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People's tolerance changes during a lifetime.

I would go with my son for cajan french fries every Saturday. Not sure I could handle it now.

:pI love Sichuan. Not sure I could handle it today. The best I had was with the airport staff in Chengdu, PRC. Plane was delayed. Went in the back lunchroom with ground crew. I drank quite a bit of water that day.
 

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A little bit of tobasco or siracha depending on what I am eating is all. A little goes a long way.
 

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Has anyone here done the "Pacqui One Chip Challenge"? It's supposedly the hottest potato chip on earth.




 

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Native Mainiac
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I used to like really, really hot stuff that was almost painful to eat, curries, chilli and the "nuclear" grade salami from Fortunas. But not so much now.
It's not the eating part that made me tone things down, it was having to go stick my bum in a snow bank the next morning.
 

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No challenges! I learned a long time ago, the hard way. Some buddies and I were in a bar in Lake Worth, Fl. Had a few beers in the belly. Ordered some wings - told the waitress to tell the chef to make them as hot as he can. Big mistake.
 

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Diva extraordinaire
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I like spicy food, but not so hot that it burns. I like tabasco sauce, sriracha sauce, crushed red pepper, and jalapenos . Habanero sauce is too hot for me.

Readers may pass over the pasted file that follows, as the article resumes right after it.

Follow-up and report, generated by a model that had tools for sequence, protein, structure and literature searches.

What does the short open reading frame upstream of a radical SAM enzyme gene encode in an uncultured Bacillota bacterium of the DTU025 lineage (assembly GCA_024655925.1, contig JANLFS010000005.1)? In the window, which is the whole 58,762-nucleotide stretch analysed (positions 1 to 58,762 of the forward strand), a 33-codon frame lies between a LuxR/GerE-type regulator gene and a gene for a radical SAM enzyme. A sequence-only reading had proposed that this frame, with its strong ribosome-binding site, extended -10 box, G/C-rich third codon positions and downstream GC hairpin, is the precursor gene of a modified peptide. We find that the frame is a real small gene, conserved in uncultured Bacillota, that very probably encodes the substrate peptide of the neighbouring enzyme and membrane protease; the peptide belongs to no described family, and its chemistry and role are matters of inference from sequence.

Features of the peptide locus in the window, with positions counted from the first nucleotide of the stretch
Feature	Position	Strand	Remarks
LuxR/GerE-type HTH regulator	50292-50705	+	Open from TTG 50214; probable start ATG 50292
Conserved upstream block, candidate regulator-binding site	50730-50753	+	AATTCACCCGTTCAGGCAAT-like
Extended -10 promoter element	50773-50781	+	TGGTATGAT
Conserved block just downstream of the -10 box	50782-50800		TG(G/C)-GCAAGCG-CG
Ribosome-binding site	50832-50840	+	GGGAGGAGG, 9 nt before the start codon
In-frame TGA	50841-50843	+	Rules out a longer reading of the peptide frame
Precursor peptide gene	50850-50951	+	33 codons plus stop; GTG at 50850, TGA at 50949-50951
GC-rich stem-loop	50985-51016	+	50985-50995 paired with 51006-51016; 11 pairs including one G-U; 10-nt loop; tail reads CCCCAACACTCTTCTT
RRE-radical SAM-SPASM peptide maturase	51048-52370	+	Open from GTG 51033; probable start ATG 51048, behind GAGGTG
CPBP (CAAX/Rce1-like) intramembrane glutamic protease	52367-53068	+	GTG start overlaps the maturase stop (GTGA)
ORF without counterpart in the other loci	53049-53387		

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Yah in my youth was as into the "hot as I can get" stuff. Now I've mellowed, and am enjoying Truff hot sauce.
Also just ordered some Ghost Pepper Wing Dust, and that's pretty good also, although not as hot as you might think given the name.
 

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Many, many years ago I was in Kill Devil Hills NC for our late November surf fishing trip with the guys. After a pleasant day fishing and driving the beach we headed back to the cottage for a few more beers, a shower, and a dip in the outdoor hot tub. Then we walked up the beach road to the The Thai Room.

The owner knew us and came over to offer us a dozen fresh soft shell crabs someone just dropped off. Oh yeah. He asked how we would like them prepared. The menu lists options of mild, medium and HOT. They're still open btw, his son runs the place. I've had the HOT.

Anyway, we were feeling no pain so we said, "Pan fry them with sauce like you would at home."

OMG. We knew his given name really wasn't Jimmy and we knew he used to have a restaurant in DC iirc and we knew he had lots of family still in Thailand that he visited every year. But we didn't know how he seasoned his food at home. Two bites, broke out in a heavy sweat all over. It was a really good meal, but I'll never do it again.